#28 - Single Women Sailing - Part 2

It’s not everyday you run across a woman who owns and sails her own boat.  But it’s not all that uncommon either.  People are inclined to make a big deal of it, but really why should they?  There is nothing about boating that a woman can’t take on if she’s of a mind to and if the boat and its equipment match her strength and resources.  The days of the sea as the exclusive province of men are long gone

Many single female sailors I’ve met were once part of a cruising couple where the partner is no longer in the picture.  Debbie of Illusions, for example, did not become a single-hander by choice.

Her husband died unexpectedly leaving her with a difficult decision: either learn how to continue on her own or give up the boat and move back to Missouri.

When Joy faced divorce from her husband thirty years ago, she wanted their cruising boat. “In my mind there had always been ‘two captains,’ although I doubt he shared this concept.  Not many did back then. But, I had the buy-out money and the perseverance, so eventually, painfully, I did end up owning Banshee on my own.”

Marjetka signed on for a three-year circumnavigation adventure with the male owner of 26’ Little Mermaid, but after 30 days sailing around Europe he wanted to cancel the deal.  Marjetka was so angry, she impulsively bought him out and, despite having little sailing experience, continued across the Atlantic on her own.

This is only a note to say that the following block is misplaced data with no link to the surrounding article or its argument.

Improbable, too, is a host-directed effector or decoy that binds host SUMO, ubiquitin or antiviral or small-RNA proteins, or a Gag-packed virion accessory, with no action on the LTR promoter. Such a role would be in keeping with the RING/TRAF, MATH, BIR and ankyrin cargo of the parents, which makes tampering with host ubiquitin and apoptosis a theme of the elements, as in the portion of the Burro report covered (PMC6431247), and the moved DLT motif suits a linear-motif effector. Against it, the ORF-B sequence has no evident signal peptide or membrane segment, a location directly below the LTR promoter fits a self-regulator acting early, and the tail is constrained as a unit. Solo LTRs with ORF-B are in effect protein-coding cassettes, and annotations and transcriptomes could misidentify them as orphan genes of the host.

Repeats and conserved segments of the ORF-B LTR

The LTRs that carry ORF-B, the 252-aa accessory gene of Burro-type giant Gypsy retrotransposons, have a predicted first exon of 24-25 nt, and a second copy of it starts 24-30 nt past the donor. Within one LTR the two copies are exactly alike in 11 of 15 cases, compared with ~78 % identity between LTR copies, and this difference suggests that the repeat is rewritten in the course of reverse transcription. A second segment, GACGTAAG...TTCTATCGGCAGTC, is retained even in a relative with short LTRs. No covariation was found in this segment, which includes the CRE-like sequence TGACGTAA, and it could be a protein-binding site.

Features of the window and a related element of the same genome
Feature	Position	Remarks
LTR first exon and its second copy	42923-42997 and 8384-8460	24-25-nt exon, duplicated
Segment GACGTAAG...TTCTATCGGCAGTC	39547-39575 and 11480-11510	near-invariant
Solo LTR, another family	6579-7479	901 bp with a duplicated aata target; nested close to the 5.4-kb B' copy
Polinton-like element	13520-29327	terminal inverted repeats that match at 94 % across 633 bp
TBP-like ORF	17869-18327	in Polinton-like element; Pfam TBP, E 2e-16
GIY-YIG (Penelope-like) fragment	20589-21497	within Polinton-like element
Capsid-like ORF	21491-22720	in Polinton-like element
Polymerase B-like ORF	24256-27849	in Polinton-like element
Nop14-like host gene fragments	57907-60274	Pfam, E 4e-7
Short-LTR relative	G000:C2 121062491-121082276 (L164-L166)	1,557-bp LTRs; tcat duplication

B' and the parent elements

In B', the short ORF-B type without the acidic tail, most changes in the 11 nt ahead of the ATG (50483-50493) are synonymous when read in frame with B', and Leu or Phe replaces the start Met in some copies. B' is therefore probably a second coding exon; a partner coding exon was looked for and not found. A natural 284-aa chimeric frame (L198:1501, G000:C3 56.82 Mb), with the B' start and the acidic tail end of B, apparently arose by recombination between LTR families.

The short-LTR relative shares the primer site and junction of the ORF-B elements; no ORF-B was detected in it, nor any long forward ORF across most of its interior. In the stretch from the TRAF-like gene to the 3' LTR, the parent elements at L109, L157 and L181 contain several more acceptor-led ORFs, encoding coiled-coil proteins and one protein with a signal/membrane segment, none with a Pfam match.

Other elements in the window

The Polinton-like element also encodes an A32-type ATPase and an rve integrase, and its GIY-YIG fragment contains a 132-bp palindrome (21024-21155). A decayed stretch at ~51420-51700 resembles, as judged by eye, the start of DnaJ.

And when her former husband lost interest in sailing and their cruising boat sat unused on the dock, Sherry got involved in local racing, eventually buying her own race boat Fast Lane and putting together an all-woman crew. “It took several years and a few hundred races, learning all the tactics and rules the hard way (by making mistakes), but I eventually ended up with the fastest boat and the best women’s crew in all of our women’s racing circuit.”

None of these women set out to be pioneers.  They didn’t sail on their own to make a statement.  They just wanted to keep sailing when, one way or another, their men failed them.

Other women start from scratch. Kiwi sailor Jackie of Soulmate got the bug as a youngster when she co-opted her father’s sailing dinghy.  “I used to take off sailing all over the place on my own, which caused my parents no end of worry.” Focused on having her own cruising boat someday, Jackie put her head down and built up and sold two businesses to raise the capital needed for the boat that now carries her around the South Pacific.

More typically, women evolve into owner-operators when various trial experiences don’t prove satisfying enough. “When I turned 50,” says Rachel of the CT 47 Ventana,I decided to take a year or two off and cruise on other people’s boats, combining the two things I enjoy most, traveling and sailing. I answered ads for crew and ended up sailing for two years on four boats. The first three were all skippered by men, and in each case I experienced problems of being continually propositioned. I finally found a boat with a couple aboard who simply wanted help sailing their boat from Thailand to South Africa. A very pleasant year, but their style of cruising was not really mine. I came to feel that I would have to be extremely lucky to ever find a boat cruising the way I wanted to cruise with a man whose propositions I would welcome.”  Instead of giving up, Rachel took the big step of buying her own boat.